In this four-week crash course, we’ll discuss what makes a story a story, and what elevates a story to a page-turner. We will discuss story structure, character development, and the magical ingredients that lend a story that impossible-to-put-down feeling. In lieu of workshop, weekly exercises will help you apply what you're learning to your own projects. For example, you will write a scene based on detailed step-by-step guidance. Whether you’re interested in writing a novel, a memoir, short stories, or essays, this class will help you either get started or take your project to the next level.
Diana Spechler is the author of the novels Who By Fire and Skinny, of the New York Times column Going Off, and of a forthcoming nonfiction book based on that column. She has written for GQ, O The Oprah Magazine, Esquire, New York, Paris Review Daily, Tin House Open Bar, the Wall Street Journal, Glimmer Train Stories, Harper's, and elsewhere. She is a recipient of the Orlando Nonfiction Prize from A Room of Her Own Foundation, a Steinbeck Fellowship from San Jose State University, and other honors. Her website is www.dianaspechler.com.
"I've been so lucky to have Diana Spechler working on my writing for the last eight years. She is one of the very best editors I've ever had. I trust her implicitly with both careful line edits and big-picture assessments. She has a gift for asking extremely perceptive questions that always propel a piece to its next stage of development. She applies rigorous logic, too and has a particular eye for blind spots that others miss. In addition, she is wonderful and generous to work with. I give her my highest recommendation and with zero qualifiers."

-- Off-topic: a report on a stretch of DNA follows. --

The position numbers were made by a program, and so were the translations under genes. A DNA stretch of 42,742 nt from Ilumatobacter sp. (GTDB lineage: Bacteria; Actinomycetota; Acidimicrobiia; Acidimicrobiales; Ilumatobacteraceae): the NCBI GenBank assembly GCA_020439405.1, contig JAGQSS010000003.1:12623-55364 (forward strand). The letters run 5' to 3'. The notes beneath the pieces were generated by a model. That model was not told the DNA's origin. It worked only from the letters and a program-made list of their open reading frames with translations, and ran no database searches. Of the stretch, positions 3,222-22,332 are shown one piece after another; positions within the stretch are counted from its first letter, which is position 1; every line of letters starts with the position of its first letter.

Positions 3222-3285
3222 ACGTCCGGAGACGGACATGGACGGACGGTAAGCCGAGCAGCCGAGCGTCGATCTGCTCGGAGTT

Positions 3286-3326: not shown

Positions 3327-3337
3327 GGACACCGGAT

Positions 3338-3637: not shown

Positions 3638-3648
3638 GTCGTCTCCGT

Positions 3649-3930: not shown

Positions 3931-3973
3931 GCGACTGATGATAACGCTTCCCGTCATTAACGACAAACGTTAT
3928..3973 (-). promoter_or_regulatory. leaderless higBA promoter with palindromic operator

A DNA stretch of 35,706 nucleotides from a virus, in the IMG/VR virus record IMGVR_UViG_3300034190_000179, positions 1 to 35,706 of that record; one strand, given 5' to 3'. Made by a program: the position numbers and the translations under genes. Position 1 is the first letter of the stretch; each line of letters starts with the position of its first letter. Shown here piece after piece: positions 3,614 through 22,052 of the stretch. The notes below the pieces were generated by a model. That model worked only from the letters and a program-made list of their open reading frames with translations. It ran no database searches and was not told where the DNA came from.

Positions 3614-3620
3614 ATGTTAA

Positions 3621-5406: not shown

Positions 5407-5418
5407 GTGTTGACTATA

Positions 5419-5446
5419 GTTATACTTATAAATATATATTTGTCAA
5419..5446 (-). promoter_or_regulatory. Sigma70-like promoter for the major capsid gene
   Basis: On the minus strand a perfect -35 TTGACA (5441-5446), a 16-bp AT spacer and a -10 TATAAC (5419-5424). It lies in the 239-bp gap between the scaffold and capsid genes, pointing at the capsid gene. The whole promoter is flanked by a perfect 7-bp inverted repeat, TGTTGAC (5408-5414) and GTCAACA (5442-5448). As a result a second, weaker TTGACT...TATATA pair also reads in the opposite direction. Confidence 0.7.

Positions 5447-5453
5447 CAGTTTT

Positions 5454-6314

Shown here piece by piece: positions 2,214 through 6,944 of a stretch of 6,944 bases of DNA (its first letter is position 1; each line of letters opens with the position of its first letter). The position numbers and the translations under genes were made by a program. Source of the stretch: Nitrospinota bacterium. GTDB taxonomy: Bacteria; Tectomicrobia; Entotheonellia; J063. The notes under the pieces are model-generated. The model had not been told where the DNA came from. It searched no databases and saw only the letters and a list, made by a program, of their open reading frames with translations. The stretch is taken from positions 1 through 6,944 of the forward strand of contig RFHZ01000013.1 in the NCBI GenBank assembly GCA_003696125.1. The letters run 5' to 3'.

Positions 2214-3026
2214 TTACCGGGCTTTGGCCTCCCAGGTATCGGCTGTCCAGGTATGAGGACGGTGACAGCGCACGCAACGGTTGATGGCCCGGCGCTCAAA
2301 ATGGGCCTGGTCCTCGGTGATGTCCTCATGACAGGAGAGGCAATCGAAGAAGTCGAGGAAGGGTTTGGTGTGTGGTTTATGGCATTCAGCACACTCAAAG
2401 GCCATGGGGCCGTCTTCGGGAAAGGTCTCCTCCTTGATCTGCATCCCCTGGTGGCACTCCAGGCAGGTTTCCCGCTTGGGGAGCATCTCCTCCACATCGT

"Diana Spechler's incisive comments and smart feedback have saved innumerable pieces of mine. She has helped me tease out narrative threads, make stock characters human, and figure out the very basic but all-important question of what is at stake. Her editorial guidance has helped me become a confident essayist--every time she's looked at one of my pieces, I've found new and better ways revise it based on her suggestions."
"Spechler’s candor about such difficult, personal battles is enormously commendable, not least in bringing a big audience to a still-controversial problem that large numbers of researchers, psychiatrists, and drug companies would still gladly ignore."
"Spechler is a talented writer who transcends melodrama and cliche with striking sensitivity and a delicate touch."